Martin Luther King, Jr once said, ‘I have a dream that my four little children will one day live in a nation where they will not be judged by the color of their skin, but by the content of their character’. This is one of the aspirations many had when they fought against racism. They understood that for this aspiration to succeed everyone must participate in the project of completely transforming society to eradicate racial divisions and achieve equal treatment.
Today, with the increasing demand to recognize the seemingly insurmountable gap between black people and white people, identity-based anti-racism has become more of a hindrance than a solution for a better and freer world for us all.
The shift, from aspiring to transform social organization in order to transcend racial divisions to demanding recognition of racial divisions and identities and protection for minorities, represents the defeat of the universalist and radical politics of the past. Racial thinking, actively promoted by racists, has now become an acceptable tool for identity-based anti-racist activists in their demand for representation, diversity, inclusivity, segregation and safe spaces.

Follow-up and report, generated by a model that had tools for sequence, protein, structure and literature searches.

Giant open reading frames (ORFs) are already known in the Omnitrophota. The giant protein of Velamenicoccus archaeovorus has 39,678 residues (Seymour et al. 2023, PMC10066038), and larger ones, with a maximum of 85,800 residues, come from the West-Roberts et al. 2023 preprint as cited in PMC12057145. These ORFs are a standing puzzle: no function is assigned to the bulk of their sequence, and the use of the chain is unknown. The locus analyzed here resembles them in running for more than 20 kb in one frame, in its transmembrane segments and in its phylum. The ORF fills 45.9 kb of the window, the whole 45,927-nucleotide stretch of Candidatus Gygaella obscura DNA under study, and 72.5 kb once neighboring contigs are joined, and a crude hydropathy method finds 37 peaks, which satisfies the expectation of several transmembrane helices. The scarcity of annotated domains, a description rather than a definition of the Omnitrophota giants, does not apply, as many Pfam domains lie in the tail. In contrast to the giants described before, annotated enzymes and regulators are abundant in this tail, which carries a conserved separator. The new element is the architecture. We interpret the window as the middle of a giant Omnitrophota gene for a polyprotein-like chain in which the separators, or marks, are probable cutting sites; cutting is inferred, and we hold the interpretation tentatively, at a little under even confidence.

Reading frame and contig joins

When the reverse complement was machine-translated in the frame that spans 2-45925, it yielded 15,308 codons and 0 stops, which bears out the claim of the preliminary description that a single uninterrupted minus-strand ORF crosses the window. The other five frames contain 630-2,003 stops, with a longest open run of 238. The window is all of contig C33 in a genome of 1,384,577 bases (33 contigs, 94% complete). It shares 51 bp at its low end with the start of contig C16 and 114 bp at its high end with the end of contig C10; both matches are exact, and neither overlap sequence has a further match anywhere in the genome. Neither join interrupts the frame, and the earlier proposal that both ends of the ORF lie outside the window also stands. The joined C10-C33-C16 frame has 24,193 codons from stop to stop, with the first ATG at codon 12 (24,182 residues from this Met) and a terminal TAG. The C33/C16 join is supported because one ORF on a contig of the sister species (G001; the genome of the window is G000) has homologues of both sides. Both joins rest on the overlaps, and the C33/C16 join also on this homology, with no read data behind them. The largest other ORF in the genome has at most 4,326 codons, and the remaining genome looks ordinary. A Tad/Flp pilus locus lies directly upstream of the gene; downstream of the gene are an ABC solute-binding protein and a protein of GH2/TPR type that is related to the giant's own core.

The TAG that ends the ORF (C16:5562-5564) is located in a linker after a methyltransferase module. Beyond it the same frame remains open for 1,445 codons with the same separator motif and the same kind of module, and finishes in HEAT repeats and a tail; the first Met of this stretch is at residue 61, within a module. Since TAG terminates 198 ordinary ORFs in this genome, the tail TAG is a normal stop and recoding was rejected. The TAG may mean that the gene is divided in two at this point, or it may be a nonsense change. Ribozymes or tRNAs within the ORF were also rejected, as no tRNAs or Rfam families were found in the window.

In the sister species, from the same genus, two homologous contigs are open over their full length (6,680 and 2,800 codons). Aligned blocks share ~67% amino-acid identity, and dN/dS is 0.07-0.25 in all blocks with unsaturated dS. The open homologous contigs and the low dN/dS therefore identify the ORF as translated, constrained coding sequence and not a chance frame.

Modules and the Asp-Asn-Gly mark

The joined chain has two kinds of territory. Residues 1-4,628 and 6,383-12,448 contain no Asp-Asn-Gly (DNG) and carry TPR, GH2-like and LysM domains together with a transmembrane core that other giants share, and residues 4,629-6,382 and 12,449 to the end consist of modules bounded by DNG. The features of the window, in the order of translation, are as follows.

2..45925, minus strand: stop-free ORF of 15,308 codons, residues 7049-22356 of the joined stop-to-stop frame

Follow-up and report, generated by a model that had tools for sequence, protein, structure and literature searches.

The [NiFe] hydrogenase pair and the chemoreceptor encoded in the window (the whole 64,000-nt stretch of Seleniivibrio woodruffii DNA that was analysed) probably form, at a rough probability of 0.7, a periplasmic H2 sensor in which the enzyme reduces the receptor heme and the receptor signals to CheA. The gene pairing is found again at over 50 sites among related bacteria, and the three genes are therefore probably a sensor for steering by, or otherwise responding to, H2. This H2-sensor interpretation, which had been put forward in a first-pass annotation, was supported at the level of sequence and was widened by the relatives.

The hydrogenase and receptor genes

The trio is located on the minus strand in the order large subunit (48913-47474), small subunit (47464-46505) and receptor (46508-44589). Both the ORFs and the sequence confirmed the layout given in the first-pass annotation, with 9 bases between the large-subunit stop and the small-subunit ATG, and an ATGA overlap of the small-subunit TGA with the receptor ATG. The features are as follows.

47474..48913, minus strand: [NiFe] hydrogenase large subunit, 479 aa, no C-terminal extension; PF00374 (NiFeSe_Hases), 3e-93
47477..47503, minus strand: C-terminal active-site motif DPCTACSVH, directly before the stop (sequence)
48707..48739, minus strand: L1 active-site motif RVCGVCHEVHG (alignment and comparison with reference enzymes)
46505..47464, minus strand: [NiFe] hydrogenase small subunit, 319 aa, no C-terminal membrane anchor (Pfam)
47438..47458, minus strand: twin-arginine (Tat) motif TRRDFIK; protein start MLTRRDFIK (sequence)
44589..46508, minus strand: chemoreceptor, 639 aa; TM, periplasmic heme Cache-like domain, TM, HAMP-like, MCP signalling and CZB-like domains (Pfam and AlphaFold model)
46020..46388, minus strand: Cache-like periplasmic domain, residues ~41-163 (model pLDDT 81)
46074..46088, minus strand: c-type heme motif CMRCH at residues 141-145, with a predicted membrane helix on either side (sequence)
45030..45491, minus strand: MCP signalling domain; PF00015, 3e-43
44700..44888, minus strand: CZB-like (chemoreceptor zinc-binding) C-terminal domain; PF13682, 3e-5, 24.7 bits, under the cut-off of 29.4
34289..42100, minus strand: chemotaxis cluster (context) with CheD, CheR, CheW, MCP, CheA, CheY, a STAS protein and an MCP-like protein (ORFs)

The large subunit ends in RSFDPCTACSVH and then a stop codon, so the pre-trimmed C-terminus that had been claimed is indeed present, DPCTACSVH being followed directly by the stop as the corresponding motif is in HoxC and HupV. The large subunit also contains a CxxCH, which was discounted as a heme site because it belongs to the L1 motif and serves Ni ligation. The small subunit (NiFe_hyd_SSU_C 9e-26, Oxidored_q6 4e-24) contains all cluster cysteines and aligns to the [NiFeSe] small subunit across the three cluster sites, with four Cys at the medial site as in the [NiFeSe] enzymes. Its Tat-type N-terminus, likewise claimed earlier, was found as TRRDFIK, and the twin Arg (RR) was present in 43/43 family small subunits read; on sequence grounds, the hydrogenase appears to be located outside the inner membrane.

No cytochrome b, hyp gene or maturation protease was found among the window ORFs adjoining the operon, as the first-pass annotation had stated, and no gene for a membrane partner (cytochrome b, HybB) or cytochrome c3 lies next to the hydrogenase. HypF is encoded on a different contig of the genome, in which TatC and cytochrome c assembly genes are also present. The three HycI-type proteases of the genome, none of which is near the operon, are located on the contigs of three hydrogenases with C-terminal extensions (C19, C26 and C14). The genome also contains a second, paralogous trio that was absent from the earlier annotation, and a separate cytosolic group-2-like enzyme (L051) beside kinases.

Christine Louis-Dit-Sully examines the origins of racial thinking and the relationship between race and culture, she asks us to recognise that racial thinking is not the only way of understanding ourselves and the world around us.